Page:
Top Places to Work

The motivational power of ugly sweaters

Flowers for new hires, sing-a-longs, and stuffed goats are just some of the traditions at businesses around the region.

This article is part of the upcoming Top Places to Work issue. The names of the companies that made this year’s list will be released online Thursday night.

FLOWER POWER

SimpliVity is growing quickly, adding about 10 new employees a week, which means the data center infrastructure company is keeping some florists very busy. “Every employee who joins the company, regardless of what corner of the globe they sit in, receives flowers before they start,” says chief marketing officer Marianne Budnik.

The founders of Westborough-based SimpliVity, which has employees in 22 countries, wanted to create not just a superior technology but also a winning company culture, she says. And sending flowers to every new hire — from interns to senior executives — was a way to set a tone of appreciation and teamwork from the start. “We want them to feel like this experience is really going to be extraordinary,” Budnik says.

GETTING TO KNOW CO-WORKERS, MINUS THE WORK

Boston, MA - Employees perform during the filming of the company's Christmas video at the East Boston Neighborhood Health Center in Boston, MA, October 18, 2015. (Keith Bedford/Globe Staff)
Keith Bedford/Globe Staff
This year, East Boston Neighborhood Health Center’s holiday video has a “Star Wars” theme.

At the East Boston Neighborhood Health Center, employee gatherings aren’t just for the workers; they are about them as well, focused on staff members’ hobbies or skills. Recently, the staff gathered to watch a documentary about Juli Windsor, a physician assistant at the health center who, in 2014, became one of the first people with dwarfism to complete the Boston Marathon. (The filmmaker was Boston Globe staff writer David Abel.) Up next is a photography exhibition featuring the work of several talented staffers.

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For holiday parties, the center puts together videos of skits and musical performances starring employees. Last year’s video featured workers lip-synching and dancing along to Pharrell Williams’s song “Happy”; a Star Wars-themed production is underway this year. “It truly is allowing people to express their personalities,” says chief executive Manny Lopes. “It builds a deeper relationship.”

Keith Bedford/Globe Staff
East Boston Neighborhood Health Center employees perform for an upcoming holiday party video.

IT’S GOING TO GET UGLY

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When an employee at Waltham-based Softworld wears an ugly sweater to work, it’s not a fashion faux pas, it’s a way to show team spirit. The technology staffing firm runs regular contest theme days — including a holiday ugly sweater competition — as a way of keeping team connections strong as the company grows. “It’s a little break from the daily grind,” says consultant coordinator Rebecca Grover. “It gets people talking.”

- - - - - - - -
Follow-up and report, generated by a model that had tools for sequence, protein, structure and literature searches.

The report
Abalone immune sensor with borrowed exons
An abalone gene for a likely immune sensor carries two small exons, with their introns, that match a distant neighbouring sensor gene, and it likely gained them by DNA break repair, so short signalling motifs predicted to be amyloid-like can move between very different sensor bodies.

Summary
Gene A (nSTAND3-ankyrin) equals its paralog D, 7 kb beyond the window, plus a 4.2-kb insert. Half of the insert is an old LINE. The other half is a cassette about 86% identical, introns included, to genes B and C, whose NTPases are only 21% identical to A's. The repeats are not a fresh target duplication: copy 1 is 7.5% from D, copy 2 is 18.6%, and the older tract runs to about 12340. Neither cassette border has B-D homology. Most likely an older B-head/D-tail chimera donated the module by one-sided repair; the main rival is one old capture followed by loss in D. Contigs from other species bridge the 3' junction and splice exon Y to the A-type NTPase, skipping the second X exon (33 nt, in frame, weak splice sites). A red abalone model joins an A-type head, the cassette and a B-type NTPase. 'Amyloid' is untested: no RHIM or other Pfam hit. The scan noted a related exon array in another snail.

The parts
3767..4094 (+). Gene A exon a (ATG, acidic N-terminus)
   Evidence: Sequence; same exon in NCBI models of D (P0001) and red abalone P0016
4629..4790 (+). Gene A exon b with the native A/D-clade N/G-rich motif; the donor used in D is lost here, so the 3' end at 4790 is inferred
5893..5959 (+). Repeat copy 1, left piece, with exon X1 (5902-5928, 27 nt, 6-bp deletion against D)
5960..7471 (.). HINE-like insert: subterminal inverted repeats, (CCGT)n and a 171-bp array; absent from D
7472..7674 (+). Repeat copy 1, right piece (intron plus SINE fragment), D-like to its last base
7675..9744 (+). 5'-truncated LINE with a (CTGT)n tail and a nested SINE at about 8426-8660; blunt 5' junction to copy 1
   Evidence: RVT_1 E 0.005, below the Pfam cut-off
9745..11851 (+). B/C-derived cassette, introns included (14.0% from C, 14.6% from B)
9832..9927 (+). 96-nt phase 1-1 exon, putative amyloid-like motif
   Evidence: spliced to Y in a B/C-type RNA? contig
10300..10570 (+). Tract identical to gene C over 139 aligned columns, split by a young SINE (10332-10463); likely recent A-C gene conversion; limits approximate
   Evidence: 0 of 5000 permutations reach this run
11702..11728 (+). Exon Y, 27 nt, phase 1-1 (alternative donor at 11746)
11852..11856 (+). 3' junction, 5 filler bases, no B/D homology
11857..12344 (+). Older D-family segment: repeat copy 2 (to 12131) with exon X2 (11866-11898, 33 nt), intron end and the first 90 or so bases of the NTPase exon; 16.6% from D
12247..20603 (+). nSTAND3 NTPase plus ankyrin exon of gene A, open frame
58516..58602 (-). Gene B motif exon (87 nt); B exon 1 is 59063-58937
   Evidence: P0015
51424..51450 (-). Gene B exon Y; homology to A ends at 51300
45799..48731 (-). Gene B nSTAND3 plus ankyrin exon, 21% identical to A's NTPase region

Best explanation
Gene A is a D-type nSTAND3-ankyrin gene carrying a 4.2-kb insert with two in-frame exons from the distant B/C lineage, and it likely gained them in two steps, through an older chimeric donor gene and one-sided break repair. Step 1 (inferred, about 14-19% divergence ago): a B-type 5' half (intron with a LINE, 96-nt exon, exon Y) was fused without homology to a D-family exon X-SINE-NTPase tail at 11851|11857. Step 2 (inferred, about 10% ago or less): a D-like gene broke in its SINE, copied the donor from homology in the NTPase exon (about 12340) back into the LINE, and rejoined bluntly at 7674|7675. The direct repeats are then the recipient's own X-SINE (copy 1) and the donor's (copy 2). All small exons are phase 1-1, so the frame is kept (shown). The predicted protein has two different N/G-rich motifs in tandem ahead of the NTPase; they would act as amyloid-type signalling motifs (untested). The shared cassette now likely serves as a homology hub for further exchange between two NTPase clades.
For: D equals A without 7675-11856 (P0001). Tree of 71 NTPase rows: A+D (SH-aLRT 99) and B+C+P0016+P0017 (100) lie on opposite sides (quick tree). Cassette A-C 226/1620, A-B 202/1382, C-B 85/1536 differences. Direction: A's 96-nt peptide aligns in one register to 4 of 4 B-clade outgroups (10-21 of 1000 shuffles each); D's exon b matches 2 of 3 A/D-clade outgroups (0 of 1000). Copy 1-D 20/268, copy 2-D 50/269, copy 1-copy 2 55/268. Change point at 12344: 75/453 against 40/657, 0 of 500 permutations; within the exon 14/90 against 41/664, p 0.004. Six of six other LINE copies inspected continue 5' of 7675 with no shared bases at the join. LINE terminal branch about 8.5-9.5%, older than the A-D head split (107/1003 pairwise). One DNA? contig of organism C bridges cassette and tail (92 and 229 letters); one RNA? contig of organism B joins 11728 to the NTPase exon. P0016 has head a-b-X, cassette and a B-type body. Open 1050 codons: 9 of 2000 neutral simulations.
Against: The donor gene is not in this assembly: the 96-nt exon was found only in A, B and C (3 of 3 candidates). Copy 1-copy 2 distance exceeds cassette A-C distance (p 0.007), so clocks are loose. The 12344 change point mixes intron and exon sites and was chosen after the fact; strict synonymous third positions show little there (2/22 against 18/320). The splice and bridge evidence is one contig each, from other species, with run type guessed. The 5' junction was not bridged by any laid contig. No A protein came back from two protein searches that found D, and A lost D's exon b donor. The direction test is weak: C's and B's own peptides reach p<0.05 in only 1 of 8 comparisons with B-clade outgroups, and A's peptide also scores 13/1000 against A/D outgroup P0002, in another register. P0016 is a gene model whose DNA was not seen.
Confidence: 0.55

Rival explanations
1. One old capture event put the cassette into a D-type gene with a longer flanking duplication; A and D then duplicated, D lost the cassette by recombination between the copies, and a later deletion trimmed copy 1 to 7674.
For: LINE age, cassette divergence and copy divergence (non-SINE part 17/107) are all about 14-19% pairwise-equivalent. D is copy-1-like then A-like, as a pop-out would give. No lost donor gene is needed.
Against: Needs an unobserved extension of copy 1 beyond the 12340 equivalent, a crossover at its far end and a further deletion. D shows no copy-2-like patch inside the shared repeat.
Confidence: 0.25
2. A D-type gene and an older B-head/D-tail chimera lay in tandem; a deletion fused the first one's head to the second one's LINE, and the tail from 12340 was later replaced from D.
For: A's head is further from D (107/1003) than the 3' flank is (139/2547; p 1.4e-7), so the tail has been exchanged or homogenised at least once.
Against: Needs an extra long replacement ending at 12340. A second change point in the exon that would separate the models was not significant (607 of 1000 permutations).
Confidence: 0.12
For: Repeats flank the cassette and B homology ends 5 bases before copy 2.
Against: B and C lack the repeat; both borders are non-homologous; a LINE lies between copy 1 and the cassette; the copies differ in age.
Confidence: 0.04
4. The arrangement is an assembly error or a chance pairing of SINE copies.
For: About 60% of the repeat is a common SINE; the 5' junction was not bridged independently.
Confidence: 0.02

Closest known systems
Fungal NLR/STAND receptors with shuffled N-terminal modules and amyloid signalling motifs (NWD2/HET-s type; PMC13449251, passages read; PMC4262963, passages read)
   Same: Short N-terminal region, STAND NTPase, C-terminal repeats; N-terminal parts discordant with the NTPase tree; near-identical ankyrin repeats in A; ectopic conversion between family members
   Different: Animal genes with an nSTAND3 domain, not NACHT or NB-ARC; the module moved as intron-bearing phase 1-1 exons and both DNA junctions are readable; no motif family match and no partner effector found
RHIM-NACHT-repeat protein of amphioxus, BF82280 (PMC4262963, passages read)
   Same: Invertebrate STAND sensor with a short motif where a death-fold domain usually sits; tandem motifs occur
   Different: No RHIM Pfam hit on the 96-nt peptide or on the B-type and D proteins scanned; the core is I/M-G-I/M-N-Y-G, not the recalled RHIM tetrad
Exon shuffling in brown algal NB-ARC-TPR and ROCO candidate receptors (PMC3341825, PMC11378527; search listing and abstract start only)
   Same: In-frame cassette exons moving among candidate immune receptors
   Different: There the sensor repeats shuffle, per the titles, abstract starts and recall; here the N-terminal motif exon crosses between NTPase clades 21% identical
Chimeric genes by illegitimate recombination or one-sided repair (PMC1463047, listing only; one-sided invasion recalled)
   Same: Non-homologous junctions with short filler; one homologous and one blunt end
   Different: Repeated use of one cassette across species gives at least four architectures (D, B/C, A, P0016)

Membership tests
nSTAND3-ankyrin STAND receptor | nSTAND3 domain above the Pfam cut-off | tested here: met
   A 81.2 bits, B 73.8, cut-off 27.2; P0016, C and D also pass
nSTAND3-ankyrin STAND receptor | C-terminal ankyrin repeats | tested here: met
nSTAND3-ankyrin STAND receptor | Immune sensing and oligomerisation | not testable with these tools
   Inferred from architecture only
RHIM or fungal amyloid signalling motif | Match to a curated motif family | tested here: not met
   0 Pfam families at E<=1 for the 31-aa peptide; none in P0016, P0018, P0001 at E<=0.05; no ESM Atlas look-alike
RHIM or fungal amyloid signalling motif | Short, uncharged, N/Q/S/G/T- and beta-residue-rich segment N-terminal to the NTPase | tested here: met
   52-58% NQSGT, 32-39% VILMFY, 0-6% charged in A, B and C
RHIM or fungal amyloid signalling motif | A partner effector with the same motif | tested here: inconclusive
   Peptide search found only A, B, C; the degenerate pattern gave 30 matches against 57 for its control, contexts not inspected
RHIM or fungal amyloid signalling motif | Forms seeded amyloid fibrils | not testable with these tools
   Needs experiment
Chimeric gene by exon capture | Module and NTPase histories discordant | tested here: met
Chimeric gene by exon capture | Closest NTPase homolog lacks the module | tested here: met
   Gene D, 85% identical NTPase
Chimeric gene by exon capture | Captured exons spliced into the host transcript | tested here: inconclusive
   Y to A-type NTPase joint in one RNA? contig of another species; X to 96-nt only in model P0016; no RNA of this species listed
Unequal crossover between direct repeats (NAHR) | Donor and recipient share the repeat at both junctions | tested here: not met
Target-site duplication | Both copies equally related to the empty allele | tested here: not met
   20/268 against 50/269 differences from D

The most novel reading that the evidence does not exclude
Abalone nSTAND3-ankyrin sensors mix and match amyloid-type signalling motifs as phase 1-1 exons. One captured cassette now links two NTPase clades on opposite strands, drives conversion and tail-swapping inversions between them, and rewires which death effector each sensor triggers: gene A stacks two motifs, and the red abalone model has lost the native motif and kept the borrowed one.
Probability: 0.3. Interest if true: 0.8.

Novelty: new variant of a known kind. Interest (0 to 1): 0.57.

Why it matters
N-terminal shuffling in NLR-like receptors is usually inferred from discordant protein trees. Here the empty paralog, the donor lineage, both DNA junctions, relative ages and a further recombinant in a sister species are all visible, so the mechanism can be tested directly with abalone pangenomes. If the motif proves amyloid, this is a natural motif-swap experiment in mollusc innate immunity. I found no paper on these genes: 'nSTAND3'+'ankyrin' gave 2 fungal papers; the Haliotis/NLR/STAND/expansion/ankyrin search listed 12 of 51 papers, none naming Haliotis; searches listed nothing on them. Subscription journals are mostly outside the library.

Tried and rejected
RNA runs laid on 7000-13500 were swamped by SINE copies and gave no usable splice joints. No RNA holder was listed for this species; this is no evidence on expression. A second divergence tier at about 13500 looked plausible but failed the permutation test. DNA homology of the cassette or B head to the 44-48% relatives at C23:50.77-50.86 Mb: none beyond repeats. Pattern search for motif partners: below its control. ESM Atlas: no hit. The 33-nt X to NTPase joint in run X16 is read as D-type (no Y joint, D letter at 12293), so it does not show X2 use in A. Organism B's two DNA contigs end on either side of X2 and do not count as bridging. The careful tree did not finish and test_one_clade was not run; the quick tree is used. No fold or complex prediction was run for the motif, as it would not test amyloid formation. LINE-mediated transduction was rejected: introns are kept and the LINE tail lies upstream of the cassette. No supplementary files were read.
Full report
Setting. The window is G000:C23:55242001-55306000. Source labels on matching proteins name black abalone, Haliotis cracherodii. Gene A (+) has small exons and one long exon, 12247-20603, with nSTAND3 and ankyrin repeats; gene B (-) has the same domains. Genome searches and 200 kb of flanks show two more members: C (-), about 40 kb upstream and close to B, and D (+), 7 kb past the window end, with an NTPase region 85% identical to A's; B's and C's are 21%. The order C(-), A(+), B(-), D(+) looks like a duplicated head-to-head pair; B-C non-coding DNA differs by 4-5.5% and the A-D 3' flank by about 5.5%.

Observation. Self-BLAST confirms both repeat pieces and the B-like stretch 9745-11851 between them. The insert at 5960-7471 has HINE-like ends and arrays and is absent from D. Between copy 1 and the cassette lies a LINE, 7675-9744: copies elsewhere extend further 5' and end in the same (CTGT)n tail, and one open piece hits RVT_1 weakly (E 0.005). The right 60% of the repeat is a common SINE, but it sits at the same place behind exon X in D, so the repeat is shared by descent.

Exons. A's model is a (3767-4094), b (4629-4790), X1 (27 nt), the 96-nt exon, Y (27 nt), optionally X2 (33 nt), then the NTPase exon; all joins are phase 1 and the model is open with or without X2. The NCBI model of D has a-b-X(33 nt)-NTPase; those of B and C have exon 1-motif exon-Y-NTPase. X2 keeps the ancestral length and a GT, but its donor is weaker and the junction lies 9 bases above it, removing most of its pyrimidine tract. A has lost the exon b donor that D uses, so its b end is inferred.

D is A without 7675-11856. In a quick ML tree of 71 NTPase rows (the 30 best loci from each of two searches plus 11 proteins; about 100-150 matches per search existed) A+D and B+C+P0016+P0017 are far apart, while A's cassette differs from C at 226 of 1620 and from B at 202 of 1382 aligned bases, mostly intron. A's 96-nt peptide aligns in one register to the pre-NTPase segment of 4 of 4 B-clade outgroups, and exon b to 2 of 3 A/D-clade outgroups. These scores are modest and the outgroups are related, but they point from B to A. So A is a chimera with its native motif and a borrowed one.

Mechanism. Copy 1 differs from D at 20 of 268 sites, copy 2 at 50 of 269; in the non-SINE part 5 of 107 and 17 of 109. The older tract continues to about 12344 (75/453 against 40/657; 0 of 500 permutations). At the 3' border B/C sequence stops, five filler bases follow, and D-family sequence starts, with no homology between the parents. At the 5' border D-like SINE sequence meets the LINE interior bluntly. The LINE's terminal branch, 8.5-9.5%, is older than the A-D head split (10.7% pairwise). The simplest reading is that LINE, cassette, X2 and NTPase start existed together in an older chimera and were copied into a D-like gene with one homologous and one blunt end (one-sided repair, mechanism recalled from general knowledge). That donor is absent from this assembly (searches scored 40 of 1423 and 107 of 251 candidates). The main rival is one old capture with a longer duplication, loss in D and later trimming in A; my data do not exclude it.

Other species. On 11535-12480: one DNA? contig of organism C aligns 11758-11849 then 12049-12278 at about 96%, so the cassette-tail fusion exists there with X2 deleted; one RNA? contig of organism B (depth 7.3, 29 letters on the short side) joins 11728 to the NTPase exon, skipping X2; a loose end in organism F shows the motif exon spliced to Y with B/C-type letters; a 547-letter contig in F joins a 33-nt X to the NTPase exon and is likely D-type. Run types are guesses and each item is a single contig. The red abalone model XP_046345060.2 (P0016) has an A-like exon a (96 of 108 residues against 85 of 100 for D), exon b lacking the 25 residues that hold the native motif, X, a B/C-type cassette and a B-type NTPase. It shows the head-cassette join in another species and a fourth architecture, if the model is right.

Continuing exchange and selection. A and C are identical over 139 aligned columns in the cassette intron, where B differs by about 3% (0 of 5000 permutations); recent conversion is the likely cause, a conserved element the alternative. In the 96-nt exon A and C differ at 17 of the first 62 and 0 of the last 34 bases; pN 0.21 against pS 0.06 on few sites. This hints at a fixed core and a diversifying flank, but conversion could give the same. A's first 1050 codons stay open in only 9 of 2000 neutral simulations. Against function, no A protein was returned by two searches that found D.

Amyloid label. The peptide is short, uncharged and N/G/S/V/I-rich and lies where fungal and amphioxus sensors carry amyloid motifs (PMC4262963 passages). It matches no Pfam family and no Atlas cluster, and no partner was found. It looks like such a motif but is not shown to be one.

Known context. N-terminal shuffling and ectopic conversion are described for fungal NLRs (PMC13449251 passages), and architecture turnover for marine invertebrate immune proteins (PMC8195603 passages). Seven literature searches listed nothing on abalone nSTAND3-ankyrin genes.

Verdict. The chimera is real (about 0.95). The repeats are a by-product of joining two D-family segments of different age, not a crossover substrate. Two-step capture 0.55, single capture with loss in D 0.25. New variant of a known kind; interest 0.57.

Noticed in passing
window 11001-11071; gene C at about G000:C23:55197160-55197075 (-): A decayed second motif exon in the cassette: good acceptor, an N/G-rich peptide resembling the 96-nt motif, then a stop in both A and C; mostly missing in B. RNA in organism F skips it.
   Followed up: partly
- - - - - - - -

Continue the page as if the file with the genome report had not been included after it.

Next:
In addition to the sweater contest, the office has held a Think Pink day, to support breast cancer awareness, and a college theme day. Depending on the contest, winners are awarded gift cards or team lunches. Each new theme day brings greater participation and more outlandish outfits, Grover says. For last year’s ugly sweater day, one contestant even embedded a digital screen playing a holiday video into his sweater.

SAYING IT WITH SONG

At the Institute for Health and Recovery in Cambridge, the departure of a valued colleague calls for more than just cake. For the past several years, Enid Watson, the nonprofit’s director of screening and early identification, has marked such occasions with custom-written songs.

Watson rewrites the lyrics of well-known songs such as “Give My Regards to Broadway” or the Jackson 5’s “I’ll Be There” to reflect the event being observed. The lyrics are distributed among the staff, so everyone can participate in the serenade.

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Recently, a group of employees decided to turn the tables and compose a song in honor of the resident lyricist. “They wrote their own song and dedicated it to me because of the joy and support they have received from prior songs,” Watson says. “It was quite moving.”

GETTING THEIR GOAT

Keith Bedford/Globe Staff
Each month at EverQuote in Cambridge an exemplary employee is named “Goat of the Month” and given a small stuffed goat in recognition of his or her accomplishments.

At Cambridge-based EverQuote, being called a goat is a badge of honor.

When cofounders and longtime business collaborators Tomas Revesz and Seth Birnbaum launched the Internet marketing company in 2011, they brought a habit they had picked up from a co-worker years before: using “goat” as an affectionate nickname for colleagues. And the practice caught on. “I don’t know why, but people just love it,” says Birnbaum.

The company has embraced the creature as its office icon. Every month an exemplary employee is named “Goat of the Month” and given a small stuffed goat in recognition of his or her accomplishments. Goat art adorns the lobby and executives’ offices, and the company’s internal reporting software is known as the GOAT system. Last year’s company party featured a goats-only petting zoo.

Goats are excellent role models, according to Revesz. They are hard-working yet fun-loving, intelligent and determined, eager to keep climbing on any terrain. “The fact is goats are a fantastic mascot for a company like ours,” Revesz says.

Keith Bedford/Globe Staff
Some EverQuote employees wear slippers the company provided after a snowstorm last year so staffers would have warm, dry feet after their commute.

Sarah Shemkus is a freelance writer. Send comments to magazine@globe.com.